FIFA vice president Prince Ali Bin Al Hussein's announcement that he will challenge the world soccer body's four-time president Sepp Blatter in elections later this year has definitively turned the poll into a battle for the group's future.
A decision by the Gulf Cooperation Council (GCC) to abandon plans to adopt a unified contract for domestic workers increases pressure on Qatar to significantly revamp its controversial labour regime in a bid to fend off efforts to deprive it of its right to host the 2022 World Cup.
It is common to complain about the constraints in our lives: too little time, not enough money, too small of a network, barely enough resources. Certainly, some of these constraints do hold us back. However, there is also a positive side.
Palestine has set a new benchmark for nations like the Kurds and the Kosovars who see soccer as a key part of their toolbox to achieve statehood with its qualification for this month's Asian Football Confederation (AFC) Asian Cup even if the Palestinian road to statehood is increasingly pockmarked by seemingly insurmountable barriers.
2022 World Cup host Qatar has announced a series of reforms to improve working and living conditions of its majority migrant labour population that address material concerns but fall short of recommendations made in a government-sponsored study and demands of trade union and human rights activists.
A Saudi-led proxy war against Iran playing out in Syria and Iraq has expanded onto the soccer pitch with a last minute decision by the Palestinian national team to cancel a friendly against Iran.
Inflation, poor attendance, lackluster play and massive debts are causing Brazil's football clubs to count their pennies this Christmas.
A Qatari acquisition of Tottenham would no doubt at least temporarily refocus some of the negative reporting on the country. But it could also revive assertions that wealthy Gulf countries are seeking to launder their reputations through soccer acquisition.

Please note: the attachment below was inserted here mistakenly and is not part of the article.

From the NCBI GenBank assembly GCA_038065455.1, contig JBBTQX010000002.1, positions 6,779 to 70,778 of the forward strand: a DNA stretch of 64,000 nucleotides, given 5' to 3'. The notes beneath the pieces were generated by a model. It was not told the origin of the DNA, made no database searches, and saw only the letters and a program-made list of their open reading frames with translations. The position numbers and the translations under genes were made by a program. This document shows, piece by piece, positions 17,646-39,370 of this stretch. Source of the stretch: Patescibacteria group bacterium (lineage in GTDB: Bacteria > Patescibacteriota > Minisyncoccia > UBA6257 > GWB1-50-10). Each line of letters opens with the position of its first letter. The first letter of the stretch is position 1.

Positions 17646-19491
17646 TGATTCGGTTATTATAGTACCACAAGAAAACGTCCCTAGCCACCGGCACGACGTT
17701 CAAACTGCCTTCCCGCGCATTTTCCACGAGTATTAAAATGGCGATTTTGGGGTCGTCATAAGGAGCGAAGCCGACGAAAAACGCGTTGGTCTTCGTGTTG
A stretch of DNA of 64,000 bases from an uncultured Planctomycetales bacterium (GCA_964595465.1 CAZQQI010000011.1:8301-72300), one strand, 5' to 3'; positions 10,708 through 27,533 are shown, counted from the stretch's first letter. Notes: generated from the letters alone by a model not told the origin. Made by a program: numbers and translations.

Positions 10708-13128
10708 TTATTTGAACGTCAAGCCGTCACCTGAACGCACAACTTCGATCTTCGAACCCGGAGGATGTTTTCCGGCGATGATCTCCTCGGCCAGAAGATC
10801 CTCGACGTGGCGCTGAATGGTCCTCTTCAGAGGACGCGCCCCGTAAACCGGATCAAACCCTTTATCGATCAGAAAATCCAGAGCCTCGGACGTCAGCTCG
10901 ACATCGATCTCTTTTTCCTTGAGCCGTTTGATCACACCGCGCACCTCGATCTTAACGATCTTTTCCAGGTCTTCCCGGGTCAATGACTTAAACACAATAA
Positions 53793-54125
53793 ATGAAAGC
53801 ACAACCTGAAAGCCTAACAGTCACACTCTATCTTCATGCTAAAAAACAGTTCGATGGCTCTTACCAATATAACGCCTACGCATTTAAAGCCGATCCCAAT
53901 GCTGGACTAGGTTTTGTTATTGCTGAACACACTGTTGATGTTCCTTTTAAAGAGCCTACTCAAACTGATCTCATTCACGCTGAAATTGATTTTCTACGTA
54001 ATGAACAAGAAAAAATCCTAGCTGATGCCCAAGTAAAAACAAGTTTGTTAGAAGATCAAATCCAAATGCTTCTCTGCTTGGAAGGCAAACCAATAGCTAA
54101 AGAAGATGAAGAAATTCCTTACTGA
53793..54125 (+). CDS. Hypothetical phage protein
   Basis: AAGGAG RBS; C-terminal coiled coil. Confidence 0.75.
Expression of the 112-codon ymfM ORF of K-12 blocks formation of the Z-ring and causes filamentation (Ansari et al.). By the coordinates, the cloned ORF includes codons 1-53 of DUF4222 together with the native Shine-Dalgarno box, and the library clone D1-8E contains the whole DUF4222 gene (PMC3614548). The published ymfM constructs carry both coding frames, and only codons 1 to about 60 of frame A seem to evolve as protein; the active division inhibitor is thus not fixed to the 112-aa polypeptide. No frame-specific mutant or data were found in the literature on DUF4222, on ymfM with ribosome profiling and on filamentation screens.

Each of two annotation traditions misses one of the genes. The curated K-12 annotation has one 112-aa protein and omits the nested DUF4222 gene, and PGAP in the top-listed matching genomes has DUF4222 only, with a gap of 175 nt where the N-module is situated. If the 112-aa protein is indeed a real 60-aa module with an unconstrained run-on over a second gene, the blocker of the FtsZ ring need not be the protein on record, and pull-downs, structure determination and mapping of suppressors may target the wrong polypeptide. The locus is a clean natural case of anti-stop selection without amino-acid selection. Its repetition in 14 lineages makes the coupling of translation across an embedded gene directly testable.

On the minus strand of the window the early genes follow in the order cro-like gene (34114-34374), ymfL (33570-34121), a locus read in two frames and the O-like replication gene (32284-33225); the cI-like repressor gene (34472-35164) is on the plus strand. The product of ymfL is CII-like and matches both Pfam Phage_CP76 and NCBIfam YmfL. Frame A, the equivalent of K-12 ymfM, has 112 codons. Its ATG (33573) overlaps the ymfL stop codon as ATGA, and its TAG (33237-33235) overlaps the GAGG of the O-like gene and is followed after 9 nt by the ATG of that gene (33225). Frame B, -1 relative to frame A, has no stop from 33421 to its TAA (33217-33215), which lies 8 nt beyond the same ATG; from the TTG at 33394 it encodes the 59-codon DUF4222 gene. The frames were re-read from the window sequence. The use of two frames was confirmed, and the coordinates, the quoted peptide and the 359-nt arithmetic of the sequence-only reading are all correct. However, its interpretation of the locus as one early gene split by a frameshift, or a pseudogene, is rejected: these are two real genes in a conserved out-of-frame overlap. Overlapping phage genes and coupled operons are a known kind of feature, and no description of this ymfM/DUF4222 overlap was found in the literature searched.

I met Thierry Henry very early on, 20 years ago, when I was the manager for the under-17 French team. Back then, three things struck me about him: first, his extraordinary talent, his drive coupled with an incredible passion for football, and finally his personality. It was these three factors and all the hard work he put in that led him to the career we know.
The adoption of a human rights declaration by the Gulf Cooperation Council (GCC) that was designed to shield wealthy Gulf monarchies including 2022 World Cup host Qatar from criticism by human rights and trade union activists is likely to increase pressure on the sports-focused Gulf state to significantly alter its controversial migrant labour system.
In Turkey, the government has sought to drive a wedge between militant fans and other supporters by arguing that e-ticketing was a way to combat illegal ticket scalping, increase tax revenues and ensure that stadia are safe for families.
Militant, street battle-hardened soccer fans stormed a Cairo stadium in advance of the second leg of crowned Cairo Al Ahli SC's African Confederation Cup final against Ivory Coast's Sewe Sport in a reassertion of the fans' key role in protest against the regime of toppled president Hosni Mubarak.
Mounting anger among Saudi soccer clubs at their subjugation to quotas designed to encourage employment of Saudi nationals and reduce dependence on foreign labour illustrates problems encountered by wealthy Gulf countries in balancing the contradictory demands of labour markets.
The World Health Organization reported a global total of more than 16,000 cases and nearly 6,943 deaths. We also expect economic losses in the billions of dollars in the West Africa region, as employees stay home, markets close, and food prices rise. At the same time, we are seeing some hopeful signs.
Wealthy Gulf nations have agreed on measures to improve the working and living conditions of migrant workers who constitute a substantial segment, if not the majority, in a number of Gulf Cooperation Council (GCC) member states.
Qatar is signaling rejection of demands by human rights and trade union activists to grant trade union and collective bargaining rights to its majority migrant worker population with the detention and likely deportation of more than 100 predominantly South Asian laborers.